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Phooey On Louis

John Gilberston \ January 07, 2019

Would you confuse a plastic, poop-shaped toy purse for a Louis Vuitton handbag? MGA Entertainment Inc., maker of the "Pooey Puitton" purse, doesn't think so. On New Year's Eve, MGA filed suit against luxury brand Louis Vuitton in federal court. MGA is seeking a declaration that its toy purse, which comes loaded with enough slime powder to create a "rainbow" of "magical unicorn poop," does not infringe on Louis Vuitton's intellectual property, which consists of copyright and trademark protections for its signature monogram pattern.  MGA also manufactures the popular L.O.L Surprise and Bratz dolls.

In its complaint, MGA asserted that no reasonable consumer would mistake a Pooey Puitton purse, which retails for around $60, for an actual LV handbag.  MGA says the purse is a parody, “designed to mock, criticize, and make fun of that wealth and celebrity” associated with Louis Vuitton products.Although LV did not actually initiate any litigation against MGA for infringement, MGA argues that Louis Vuitton has a “history of not respecting parody rights in the U.S. and filing vexatious lawsuits against such protected parody,” and decided to strike first.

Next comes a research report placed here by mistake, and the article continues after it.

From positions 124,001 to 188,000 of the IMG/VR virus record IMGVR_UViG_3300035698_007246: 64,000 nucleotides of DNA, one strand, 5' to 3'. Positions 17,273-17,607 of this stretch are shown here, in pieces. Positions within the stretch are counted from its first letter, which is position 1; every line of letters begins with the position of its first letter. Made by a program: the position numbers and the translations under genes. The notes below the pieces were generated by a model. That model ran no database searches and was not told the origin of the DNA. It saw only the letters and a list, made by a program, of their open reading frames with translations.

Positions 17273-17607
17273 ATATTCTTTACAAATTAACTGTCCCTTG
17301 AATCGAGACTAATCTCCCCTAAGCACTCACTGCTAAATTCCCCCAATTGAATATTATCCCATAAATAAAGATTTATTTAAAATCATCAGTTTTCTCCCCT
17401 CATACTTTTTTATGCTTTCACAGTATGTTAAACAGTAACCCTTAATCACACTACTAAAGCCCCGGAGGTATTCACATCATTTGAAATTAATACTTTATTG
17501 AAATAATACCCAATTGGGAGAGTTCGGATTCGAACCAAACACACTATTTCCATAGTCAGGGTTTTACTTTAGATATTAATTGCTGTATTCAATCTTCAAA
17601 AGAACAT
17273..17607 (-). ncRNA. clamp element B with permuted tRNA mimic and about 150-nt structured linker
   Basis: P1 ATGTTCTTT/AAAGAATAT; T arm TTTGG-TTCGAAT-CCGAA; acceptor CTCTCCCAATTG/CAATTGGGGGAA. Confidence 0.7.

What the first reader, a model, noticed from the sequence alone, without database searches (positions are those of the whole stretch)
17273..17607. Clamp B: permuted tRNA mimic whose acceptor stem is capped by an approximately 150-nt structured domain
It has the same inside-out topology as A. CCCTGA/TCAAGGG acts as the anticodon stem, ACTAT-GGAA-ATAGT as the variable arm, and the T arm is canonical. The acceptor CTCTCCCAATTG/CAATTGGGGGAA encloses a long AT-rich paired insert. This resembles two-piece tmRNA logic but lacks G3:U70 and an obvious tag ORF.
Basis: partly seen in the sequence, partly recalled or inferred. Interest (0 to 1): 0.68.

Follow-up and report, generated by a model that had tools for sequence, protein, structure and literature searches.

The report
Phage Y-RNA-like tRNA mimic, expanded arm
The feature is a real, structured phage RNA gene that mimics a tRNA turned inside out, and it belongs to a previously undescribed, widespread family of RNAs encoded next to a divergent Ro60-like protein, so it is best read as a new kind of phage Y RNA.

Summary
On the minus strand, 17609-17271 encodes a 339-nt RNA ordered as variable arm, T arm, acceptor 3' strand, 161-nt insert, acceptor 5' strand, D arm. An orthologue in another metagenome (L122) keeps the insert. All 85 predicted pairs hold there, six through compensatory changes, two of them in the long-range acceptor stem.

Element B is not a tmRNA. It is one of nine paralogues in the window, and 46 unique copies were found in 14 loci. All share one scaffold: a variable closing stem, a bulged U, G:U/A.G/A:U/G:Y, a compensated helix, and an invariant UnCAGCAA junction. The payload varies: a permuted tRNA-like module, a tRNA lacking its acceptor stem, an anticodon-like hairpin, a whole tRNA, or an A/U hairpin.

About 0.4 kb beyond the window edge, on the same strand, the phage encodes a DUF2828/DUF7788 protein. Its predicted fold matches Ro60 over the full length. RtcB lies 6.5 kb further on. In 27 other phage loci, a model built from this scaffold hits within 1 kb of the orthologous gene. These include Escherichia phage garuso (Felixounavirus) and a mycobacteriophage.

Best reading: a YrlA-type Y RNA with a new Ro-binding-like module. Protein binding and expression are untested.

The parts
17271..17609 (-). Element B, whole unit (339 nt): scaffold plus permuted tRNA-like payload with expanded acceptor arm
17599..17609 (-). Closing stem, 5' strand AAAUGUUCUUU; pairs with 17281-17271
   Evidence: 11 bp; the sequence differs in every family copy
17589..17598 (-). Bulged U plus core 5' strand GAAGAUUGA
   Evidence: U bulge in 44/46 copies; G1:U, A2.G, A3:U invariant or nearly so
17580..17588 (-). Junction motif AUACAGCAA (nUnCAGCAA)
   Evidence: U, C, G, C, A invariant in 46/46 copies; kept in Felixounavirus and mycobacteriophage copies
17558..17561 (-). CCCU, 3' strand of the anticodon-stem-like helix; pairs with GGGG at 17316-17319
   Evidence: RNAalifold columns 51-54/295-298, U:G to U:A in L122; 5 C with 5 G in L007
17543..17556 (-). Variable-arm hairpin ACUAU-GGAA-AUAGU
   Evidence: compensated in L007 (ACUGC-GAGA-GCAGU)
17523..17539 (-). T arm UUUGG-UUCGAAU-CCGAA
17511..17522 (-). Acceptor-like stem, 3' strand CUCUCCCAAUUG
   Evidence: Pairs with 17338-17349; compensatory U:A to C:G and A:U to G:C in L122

Under copyright law, a parody is an imitation of the style of a particular writer, artist, or genre with deliberate exaggeration for comic effect.  By definition, it necessarily uses of another’s creative work, creating a conflict between the creator of the parody and the creator of the original work.  Because a parody usually pokes fun at the original, the original’s creator is unlikely to grant a license for use of their copyrighted work.

Parodists must often rely on the “fair-use” doctrine to avoid liability for copyright infringement.  A fair use analysis is inherently fact-intensive, and the outcome depends heavily on the specific circumstances surrounding the case.  As a general rule, courts are more likely to extend fair use protection to an alleged infringer if the infringing work does not interfere with the market for the original work.  

Which begs the question: does a slime-filled, poop-shaped, rainbow-colored plastic purse conjure images of decadence and luxury, such that it might cause a few longtime Louis Vuitton customers to change their allegiances?  Perhaps. On the other hand, it could be a savvy publicity grab by MGA to drum up Pooey Puitton sales, which recently sold out at Target.

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